(Image credit: Channel 4)
With one month to go until the start of the 31st Tilley Endurables Falmouth Classics event, the Falmouth Classics Association is thrilled to reveal an utterly unique ‘Bligh Boat Race’ between two Bounty Launch replicas.
Conrad Humphreys will race his replica ‘Bounty’s End’, against The National Maritime Museum Cornwall’s (NMMC) ‘Bounty Launch Replica’ during next month’s event (22 – 24 June 2018).
In 1789, William Bligh and eighteen of his crew were famously set adrift in the Pacific Ocean after Fletcher Christian led the ‘Mutiny on the Bounty’. In the 200th anniversary year of Bligh’s death, not one but two replicas of the boat in which Bligh successfully navigated 3,500 miles to safety have been built, and now you can see them race in this unique event.
Conrad Humphreys – a round-the-world yachtsman who was involved in the Mutiny series on Channel 4 – will be racing and taking part in the Parade of Sail and Power as well as the Small Boat Parade on Sunday 24th June, in the boat that was built for the TV series and is a replica of the original Bounty’s Launch, called ‘Bounty’s End’.
Another replica boat, built by the NMMC for its ‘Captain Bligh: Myth, Man & Mutiny’ exhibition (which closed earlier this year), will also be taking part in the Falmouth Classics Parades.
The two replicas of the Bounty launch will then race against each other immediately after the two Parades (around 14:30) in the Carrick Roads.
The race – organised by the St Mawes Sailing Club – will involve a combination of sailing and rowing. Conrad and his boat clearly have infinitely more seagoing experience compared to the NMMC boat, which (at the time of writing) has yet to hit the water. However, the NMMC is expected to recruit considerably more experienced rowers from amongst the Cornish gig community, so this will be an unforgettable race.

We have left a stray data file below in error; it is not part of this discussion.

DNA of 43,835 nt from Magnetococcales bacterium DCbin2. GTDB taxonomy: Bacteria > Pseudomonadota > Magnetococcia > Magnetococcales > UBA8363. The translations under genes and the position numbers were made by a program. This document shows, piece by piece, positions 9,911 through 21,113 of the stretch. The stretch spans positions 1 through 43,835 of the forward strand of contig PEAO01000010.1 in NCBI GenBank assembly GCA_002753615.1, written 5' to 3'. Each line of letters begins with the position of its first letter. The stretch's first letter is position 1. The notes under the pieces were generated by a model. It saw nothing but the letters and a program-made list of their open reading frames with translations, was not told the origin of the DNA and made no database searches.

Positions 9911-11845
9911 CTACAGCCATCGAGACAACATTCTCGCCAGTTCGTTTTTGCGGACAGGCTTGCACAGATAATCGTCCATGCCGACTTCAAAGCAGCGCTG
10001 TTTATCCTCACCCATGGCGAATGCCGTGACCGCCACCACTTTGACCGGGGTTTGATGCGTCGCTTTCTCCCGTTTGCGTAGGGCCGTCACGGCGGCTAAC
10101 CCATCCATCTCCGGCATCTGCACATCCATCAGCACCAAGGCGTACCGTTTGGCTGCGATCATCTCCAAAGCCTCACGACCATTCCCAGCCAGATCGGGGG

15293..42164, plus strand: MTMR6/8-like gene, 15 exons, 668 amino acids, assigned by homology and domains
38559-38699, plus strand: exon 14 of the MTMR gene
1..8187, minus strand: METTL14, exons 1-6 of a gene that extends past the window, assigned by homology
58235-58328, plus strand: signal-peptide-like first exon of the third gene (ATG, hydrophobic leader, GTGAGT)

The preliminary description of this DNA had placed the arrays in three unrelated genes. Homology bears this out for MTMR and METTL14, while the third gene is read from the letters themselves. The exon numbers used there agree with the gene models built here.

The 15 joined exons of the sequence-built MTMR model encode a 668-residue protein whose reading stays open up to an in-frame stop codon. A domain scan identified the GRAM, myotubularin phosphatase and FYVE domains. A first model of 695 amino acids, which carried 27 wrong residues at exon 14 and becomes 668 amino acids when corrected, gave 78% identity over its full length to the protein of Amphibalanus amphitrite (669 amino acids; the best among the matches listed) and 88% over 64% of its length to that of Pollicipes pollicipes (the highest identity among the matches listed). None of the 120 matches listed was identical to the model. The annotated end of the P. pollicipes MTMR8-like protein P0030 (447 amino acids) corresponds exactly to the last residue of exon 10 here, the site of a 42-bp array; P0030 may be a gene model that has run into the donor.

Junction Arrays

Conrad Humphreys, owner and skipper of the ‘Bounty’s End’, says:
“We are looking forward to the much anticipated ‘Bligh Boat Race’ and a chance for two 18th century replicas to slog it out over a wager and some rum. We have the benefit of over 4,000 miles under the keel, so I’m hoping this will play to our hand, although rowing might just be our Achilles heel.”
Richard Doughty, Director of the National Maritime Museum, says:
“The National Maritime Museum Cornwall is delighted to be able to take part in such a historical race between two replicas of the infamous ‘Bounty’ Launch. Our replica was built in-house by a team of dedicated volunteers led by skilled boat builder Andy Nancarrow in the Museum’s boat building workshop and we’re very proud of it. We have a team of experienced rowers from the Cornish gig community racing, and relish the chance to take on the replica built for TV.’
John Davison, Chairman of the Falmouth Classics Association, says:
“To have such a prestigious sailor and boat amongst this year’s racing is brilliant, and to have both Bounty replicas in the Parade of Sail and Power and Small Boat Parade, is simply wonderful. We can’t wait to see the two beautiful boats sailing together for the first time.”
The classic boat ‘Bounty’s End’ – now owned by Conrad Humphreys – was built by Mark Edwards specifically for the Channel 4 series Mutiny, in which she recreated Bligh’s voyage.
The NMMC team carried out extensive research to ensure their replica boat is as faithful a reconstruction as possible. Research started in June 2016 and the boat build took around nine months to complete.
To find out more about the National Maritime Museum, please visit nmmc.co.uk
To find out more about Conrad Humphreys and the Bounty Project, please visit conradhumphreys.com/tag/bounty-project/